The last figure in this set is in a crouching position and using a periscope to spot enemy troops. This figure again wears the ankle boots and puttees, this does make me question if the ankle boot was more common to snipers for some reason as I am not aware of them being a common item amongst German troops. The figure is shown wearing standard trousers and what looks to be mid/late war tunic. The helmet for this figure is again a camouflaged cloth covered rendition and Zvezda does a good job of rendering this detail on all of the various types of top cover in this set.
Facial details on this figure are good and while this figure wears gloves the detail is again good. This figure is also armed with an MP40 with the same weaknesses as the previous one, it should also be mentioned that all of the weapons in this set will need the barrel drilled to improve the detail. This figure is equipped with the correct ammunition pouches, water bottle, and gas mask case, the detail on the gas mask cases and water bottles looks a little weak but passable, the ammunition pouches have good detail on the face and none at the rear.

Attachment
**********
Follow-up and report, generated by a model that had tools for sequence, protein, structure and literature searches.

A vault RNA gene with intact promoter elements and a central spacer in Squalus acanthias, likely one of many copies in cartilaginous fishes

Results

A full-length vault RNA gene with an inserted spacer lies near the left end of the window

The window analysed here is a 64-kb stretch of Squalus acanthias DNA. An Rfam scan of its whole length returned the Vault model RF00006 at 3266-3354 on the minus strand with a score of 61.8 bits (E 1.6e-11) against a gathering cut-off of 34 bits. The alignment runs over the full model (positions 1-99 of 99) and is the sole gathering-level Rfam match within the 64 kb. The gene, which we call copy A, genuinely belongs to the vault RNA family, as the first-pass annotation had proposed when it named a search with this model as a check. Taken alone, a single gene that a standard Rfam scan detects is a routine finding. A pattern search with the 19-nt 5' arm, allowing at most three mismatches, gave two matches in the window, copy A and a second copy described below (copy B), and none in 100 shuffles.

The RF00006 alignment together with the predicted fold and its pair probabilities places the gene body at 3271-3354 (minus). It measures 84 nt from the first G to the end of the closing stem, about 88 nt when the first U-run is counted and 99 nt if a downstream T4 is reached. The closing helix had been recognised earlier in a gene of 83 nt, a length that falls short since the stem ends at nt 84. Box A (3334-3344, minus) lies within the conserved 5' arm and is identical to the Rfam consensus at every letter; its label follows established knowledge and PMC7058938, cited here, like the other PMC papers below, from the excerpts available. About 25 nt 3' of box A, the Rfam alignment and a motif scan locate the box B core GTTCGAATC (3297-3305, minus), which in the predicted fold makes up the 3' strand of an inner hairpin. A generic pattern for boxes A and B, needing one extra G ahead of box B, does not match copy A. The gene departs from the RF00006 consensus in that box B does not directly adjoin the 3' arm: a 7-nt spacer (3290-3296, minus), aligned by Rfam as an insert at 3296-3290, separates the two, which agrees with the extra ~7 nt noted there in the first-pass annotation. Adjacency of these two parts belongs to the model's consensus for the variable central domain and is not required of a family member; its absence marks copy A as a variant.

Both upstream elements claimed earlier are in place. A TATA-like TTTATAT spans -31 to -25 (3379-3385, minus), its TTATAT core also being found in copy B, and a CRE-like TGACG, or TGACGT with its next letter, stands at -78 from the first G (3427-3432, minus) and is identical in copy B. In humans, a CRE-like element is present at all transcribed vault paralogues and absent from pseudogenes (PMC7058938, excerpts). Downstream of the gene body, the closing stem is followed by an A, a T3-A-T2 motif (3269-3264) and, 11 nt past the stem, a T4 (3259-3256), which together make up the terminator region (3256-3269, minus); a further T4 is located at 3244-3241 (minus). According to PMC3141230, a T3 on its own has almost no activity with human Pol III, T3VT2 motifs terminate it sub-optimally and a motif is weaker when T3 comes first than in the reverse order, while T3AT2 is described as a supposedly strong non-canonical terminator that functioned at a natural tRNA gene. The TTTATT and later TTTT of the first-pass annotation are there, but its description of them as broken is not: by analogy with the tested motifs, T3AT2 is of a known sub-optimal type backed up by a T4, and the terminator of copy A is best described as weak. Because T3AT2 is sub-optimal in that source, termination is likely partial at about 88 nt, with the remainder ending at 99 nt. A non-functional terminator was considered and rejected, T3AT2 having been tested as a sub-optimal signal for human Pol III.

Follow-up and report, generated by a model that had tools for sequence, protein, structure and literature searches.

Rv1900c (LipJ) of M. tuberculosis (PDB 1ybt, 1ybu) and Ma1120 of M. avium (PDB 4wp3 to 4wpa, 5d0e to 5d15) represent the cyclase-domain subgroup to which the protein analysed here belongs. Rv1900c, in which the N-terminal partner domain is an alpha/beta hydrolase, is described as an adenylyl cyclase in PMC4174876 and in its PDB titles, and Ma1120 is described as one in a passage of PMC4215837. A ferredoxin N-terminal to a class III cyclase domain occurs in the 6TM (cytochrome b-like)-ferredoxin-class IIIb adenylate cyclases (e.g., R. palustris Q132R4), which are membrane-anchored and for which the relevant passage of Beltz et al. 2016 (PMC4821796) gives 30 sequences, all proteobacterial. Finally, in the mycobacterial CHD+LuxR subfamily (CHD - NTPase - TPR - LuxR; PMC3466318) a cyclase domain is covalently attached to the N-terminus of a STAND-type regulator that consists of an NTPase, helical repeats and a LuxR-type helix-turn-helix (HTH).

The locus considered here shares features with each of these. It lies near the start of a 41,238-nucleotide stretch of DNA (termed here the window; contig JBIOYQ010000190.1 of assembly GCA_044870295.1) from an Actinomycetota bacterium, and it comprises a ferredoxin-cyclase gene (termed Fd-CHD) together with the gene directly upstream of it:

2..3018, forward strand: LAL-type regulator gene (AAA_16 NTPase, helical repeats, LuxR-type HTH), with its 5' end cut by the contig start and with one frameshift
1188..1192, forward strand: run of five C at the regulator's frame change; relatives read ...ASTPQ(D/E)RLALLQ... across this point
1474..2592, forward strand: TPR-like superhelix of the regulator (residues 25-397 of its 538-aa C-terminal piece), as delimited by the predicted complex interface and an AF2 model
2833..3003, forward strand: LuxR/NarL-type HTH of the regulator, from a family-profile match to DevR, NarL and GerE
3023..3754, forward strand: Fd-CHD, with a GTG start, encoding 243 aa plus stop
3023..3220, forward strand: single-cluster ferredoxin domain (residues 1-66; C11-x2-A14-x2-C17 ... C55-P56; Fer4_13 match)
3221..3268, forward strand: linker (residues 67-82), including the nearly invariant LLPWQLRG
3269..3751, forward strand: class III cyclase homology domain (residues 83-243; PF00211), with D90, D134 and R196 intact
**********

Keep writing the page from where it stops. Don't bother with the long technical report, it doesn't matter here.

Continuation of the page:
The figures in this set all have fair to good crease detail on the various uniform portions and it all looks appropriate to the positions the figures are in. Moulding quality is fair to good with no flash to worry about, minor seams are of course present but should be easy to remove. There are no sink marks to worry about or for that matter push out marks. All in all a good solid set of figures for offerings from 2006.
There are a fair number of sniper figures available now in injection moulded plastic but this set which is stamped on the sprues as 2006 is a fair kit and hard to beat for the money. MiniArt and MasterBox may lead the field when it comes to choice of injection moulded figures, but Zvezda keeps on improving and is their equal at the moment as regards to detail, they just need to add to the range. Despite the age of this product I really like it and have bought two sets, neither of which has disappointed me, and so I will highly recommend this product to you for your consideration.